I first saw the Tree of Hope during the 2003 Christmas season. At that time I worked at the World Financial Center in Lower Manhattan. Every evening as I walked around the former site of the World Trade Center to the subway that would take me back to Brooklyn, I passed by that tree, located in the northwest corner of the old graveyard of St. Paul’s Chapel.
The spruce was lit not with strands of conventional Christmas lights but with green, red, and white spotlights from the ground that illuminated the many snow-white doves perched on its branches.
While a nice gesture, the little tree only made me more aware of the emptiness on the other side of the street. In my mind, no tree, no matter how beautiful, could possibly fill the void left by nearly 3,000 people and the majestic structures in which they worked.
The following spring I became a member of Trinity Church, which owns St. Paul’s Chapel. And that November found me at the start of another Christmas season, the fourth since 9/11. As usual, the approaching holidays brought with them feelings of warmth and happiness but also a deepening of the ache that never completely goes away. That year, however, my view of the Tree of Hope was different, for I knew much more of its story.
Haven at Ground Zero
St. Paul’s Chapel dates back to before the United States’ Revolutionary War and is the oldest building in continuous use in Manhattan. It survived the Great Fire of 1777—which was set by the British to punish New Yorkers for their support of the rebels and destroyed most of what was then New York City—because the neighboring residents formed a bucket brigade and successfully kept the flames from harming the building.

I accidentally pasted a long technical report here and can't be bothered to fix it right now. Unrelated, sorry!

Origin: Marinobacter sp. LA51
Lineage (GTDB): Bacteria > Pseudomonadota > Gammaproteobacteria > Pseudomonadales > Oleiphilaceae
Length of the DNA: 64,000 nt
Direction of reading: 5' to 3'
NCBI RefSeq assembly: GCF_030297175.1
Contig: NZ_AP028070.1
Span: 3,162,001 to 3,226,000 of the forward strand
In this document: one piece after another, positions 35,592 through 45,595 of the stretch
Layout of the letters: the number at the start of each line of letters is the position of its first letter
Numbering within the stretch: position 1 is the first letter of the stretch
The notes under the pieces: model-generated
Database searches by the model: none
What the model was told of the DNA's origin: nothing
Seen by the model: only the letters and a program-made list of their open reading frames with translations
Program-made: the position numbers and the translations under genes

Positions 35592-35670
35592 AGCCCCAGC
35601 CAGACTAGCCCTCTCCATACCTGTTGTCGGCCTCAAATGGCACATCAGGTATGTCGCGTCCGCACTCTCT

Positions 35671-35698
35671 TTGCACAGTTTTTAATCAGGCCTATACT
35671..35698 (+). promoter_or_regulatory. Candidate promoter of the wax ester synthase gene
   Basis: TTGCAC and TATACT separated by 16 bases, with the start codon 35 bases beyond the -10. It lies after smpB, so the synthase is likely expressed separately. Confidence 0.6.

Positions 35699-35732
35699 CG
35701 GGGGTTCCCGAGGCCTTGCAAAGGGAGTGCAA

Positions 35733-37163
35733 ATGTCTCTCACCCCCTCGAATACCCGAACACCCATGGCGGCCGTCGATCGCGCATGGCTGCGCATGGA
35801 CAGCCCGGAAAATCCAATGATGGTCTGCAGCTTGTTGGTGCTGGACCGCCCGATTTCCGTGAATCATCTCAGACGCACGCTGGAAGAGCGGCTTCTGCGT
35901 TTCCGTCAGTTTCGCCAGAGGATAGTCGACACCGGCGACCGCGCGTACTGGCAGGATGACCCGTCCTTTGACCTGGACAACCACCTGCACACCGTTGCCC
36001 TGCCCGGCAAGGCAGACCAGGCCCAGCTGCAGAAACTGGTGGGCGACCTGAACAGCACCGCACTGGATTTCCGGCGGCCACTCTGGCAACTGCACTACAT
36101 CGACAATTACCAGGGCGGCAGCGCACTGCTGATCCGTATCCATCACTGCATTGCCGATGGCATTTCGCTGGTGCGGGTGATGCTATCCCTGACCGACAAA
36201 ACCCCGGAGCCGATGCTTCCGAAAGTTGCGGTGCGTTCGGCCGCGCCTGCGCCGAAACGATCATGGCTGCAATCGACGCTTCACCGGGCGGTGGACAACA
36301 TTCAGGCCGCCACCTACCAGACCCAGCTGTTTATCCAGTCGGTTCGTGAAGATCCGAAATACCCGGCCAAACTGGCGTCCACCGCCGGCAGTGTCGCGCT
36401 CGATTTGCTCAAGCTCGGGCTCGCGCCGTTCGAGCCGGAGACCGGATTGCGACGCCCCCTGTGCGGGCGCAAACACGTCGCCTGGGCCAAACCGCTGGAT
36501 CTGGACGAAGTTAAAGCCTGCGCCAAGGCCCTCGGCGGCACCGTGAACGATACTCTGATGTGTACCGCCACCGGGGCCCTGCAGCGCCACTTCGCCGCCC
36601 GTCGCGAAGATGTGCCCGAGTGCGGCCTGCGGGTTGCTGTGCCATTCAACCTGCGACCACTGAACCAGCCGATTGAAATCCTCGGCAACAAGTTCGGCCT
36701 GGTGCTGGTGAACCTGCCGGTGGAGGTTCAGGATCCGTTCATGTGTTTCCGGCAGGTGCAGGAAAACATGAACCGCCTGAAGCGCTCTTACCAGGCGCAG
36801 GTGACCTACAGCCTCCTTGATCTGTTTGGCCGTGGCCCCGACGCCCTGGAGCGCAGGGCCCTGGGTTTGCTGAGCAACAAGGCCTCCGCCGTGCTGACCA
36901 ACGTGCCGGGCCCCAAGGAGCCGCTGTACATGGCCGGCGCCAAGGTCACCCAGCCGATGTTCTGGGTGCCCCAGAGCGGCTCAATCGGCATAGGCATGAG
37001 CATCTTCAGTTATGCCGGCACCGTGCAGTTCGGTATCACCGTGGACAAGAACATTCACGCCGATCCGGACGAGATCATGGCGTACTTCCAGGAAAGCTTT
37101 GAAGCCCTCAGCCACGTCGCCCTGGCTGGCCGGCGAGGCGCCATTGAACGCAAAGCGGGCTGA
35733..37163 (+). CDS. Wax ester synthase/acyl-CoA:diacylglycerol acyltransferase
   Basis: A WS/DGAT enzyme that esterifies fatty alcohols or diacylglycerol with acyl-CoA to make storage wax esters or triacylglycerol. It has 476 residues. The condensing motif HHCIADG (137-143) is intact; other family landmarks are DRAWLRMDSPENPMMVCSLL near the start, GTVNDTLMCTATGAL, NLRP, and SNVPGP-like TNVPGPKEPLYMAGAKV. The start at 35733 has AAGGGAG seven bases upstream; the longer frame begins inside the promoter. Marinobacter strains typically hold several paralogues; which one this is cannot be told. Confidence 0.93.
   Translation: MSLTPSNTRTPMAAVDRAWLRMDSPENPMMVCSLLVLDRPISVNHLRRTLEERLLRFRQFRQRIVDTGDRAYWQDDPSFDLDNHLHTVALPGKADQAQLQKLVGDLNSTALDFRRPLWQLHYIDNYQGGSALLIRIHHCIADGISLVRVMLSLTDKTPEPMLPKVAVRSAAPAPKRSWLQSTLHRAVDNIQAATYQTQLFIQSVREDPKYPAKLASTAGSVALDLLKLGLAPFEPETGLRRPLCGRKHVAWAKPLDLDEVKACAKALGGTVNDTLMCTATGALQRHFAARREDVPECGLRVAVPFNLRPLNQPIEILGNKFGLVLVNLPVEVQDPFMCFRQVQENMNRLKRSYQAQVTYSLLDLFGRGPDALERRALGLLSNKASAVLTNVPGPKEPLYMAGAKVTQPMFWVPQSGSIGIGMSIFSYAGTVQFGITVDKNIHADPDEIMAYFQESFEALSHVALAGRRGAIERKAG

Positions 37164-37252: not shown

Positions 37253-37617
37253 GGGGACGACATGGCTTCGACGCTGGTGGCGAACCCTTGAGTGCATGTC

After George Washington was inaugurated a few blocks away on Wall Street, he stopped at St. Paul’s to pray. For more than 250 years the chapel has served as a quiet place of prayer and meditation for workers and residents of New York City’s world-renowned financial district.
Because of its purpose as a place of ministry to its community, as well as its close proximity to the Trade Center site, St. Paul’s played a central role in the rescue and recovery efforts following the Sept. 11, 2001, attacks. Weary rescue workers and volunteers found there a desperately needed place of rest. Doctors and massage therapists came to soothe aching muscles. Singers and musicians came to soothe aching souls. The pews of the chapel became temporary cots for people unwilling or unable to return to their homes to sleep. The marks they made on the pews while they rested are still there.
This ministry continued until workers removed the last piece of Trade Center wreckage at the end of May 2002. Throughout that time, the staff of St. Paul’s received thousands of cards, letters, banners, and other gifts sent to them from people all over the world. Visitors and passersby left their own messages of thanks and encouragement on the gate surrounding the chapel.
Once the cleanup was complete, it became clear that St. Paul’s had quite a story to tell. A temporary exhibit titled “Out of the Dust: A Year of Ministry at Ground Zero” opened in September 2002, and in March 2004 it recorded its one-millionth visitor. In May of that year, a permanent exhibit opened, and that summer more than 20,000 people visited it each week.